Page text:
There are a lot of feasible reasons why people don't like Daylight Savings, from the fact that it makes no sense, to the confusion over which clocks you have to reset and which ones reset on their own. But, the biggest gripe most of us have is the fact that we lose an hour of sleep. You feel it when you wake up at what would have been 8:00 AM on Sunday morning, but because of Daylight Savings it is somehow legally 9:00 AM instead.
Big deal, right? It's only Sunday morning, so it doesn't really matter. The biggest consequence is that you might end up late for church. If you're like me and have four kids, this really makes no difference because you're always late for church anyway.
No, where the hammer of Daylight Savings hits is on Monday morning. The Monday after Daylight Savings in the spring is easily one of the worst days of the year. The entire national workforce is either late for work, grumpy, or both.
My wife teaches school. Her alarm goes off at 5:30 AM. On the Monday after Daylight Savings, that is the equivalent of 4:30 AM pre-Daylight Savings time. That is too darn early for words! Would you want to be a student and go to class and face a teacher who was woken up against her will at 4:30 in the morning? Of course not!
Even worse, though, is being a teacher, going to school, and facing a classroom full of students who were rousted from bed an hour earlier than normal! No fun for anyone.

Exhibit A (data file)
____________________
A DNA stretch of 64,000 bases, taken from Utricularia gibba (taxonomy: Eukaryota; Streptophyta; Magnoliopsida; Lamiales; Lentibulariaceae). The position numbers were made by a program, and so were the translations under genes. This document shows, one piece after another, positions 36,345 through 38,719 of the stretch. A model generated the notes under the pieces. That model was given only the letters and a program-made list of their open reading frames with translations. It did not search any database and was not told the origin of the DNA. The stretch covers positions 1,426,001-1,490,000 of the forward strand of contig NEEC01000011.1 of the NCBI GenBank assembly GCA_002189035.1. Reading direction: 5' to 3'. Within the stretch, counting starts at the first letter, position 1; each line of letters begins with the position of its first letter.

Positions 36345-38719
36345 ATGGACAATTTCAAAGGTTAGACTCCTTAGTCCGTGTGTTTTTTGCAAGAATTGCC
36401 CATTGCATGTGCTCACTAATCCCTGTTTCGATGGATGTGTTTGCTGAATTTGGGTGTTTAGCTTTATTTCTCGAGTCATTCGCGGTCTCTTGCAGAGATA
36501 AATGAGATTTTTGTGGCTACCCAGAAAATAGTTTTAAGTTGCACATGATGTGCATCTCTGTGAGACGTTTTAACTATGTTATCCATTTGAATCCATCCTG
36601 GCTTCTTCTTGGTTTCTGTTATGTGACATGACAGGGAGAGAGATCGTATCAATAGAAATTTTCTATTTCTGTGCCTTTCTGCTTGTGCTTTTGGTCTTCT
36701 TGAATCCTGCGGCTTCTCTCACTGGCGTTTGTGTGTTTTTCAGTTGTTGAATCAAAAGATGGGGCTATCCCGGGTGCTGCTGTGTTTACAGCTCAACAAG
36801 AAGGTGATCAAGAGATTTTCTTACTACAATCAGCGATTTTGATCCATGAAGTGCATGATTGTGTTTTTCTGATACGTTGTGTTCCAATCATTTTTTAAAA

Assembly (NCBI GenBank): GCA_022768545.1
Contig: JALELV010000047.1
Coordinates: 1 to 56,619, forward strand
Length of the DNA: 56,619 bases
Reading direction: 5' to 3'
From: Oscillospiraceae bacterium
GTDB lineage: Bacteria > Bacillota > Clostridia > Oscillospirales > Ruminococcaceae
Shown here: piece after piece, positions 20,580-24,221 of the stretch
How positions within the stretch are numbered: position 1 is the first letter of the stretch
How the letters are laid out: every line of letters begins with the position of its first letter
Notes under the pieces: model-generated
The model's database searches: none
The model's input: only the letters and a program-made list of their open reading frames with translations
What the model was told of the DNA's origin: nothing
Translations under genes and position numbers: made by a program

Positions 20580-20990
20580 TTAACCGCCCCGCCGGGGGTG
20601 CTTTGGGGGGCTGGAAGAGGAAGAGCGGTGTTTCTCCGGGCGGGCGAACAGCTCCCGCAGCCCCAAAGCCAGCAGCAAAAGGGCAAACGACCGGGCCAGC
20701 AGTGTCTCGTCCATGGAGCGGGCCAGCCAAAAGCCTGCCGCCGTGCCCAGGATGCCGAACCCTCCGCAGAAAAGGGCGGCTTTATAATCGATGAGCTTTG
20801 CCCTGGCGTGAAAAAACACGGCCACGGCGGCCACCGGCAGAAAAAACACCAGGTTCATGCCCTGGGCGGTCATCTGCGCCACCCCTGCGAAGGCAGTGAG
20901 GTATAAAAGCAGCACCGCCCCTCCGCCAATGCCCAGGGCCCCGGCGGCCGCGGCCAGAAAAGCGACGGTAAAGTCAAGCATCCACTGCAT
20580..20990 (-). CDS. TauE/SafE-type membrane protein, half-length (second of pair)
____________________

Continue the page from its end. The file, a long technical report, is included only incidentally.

|It says "5:31," but what it really means is "4:31."|
My two elementary school-aged kids usually get up at 6:45 AM. On the Monday after Daylight Savings, that's a 5:45 AM equivalency. They did not want to wake up. There was extra jostling, singing, and rousting involved in waking them up than would normally occur. And then, after dragging for the first half hour of being awake, they switched over to that over-tired hyperactive state where they were figuratively bouncing off of the walls. (Occasionally literally, too.)
The one benefit I had to look forward to was that my two preschool-aged children would sleep in later. While they would usually wake up at 8:30 AM, that would translate to 9:30 AM post-Daylight Savings. An hour extra without kids in the morning to get things done! Hooray! Except, that's not how it worked out. If you have toddlers you should know to expect the unexpected. So, instead of waking up an hour later, they ended up waking an hour earlier in "real" time, which is the same as two hours earlier in pre-Daylight Savings time. (They woke up at 7:30, which would have been 6:30 a couple of days earlier.) There is no winning with preschool-aged kids, unless you bribe them with candy or Elmo.
Is there a solution to this problem? We could make the Monday after Daylight Savings a national holiday, or we could mandate that no one be forced to go to work until noon on that day. Or, and here's a novel thought, we could just do away with Daylight Savings time altogether. (Wouldn't that be nice!)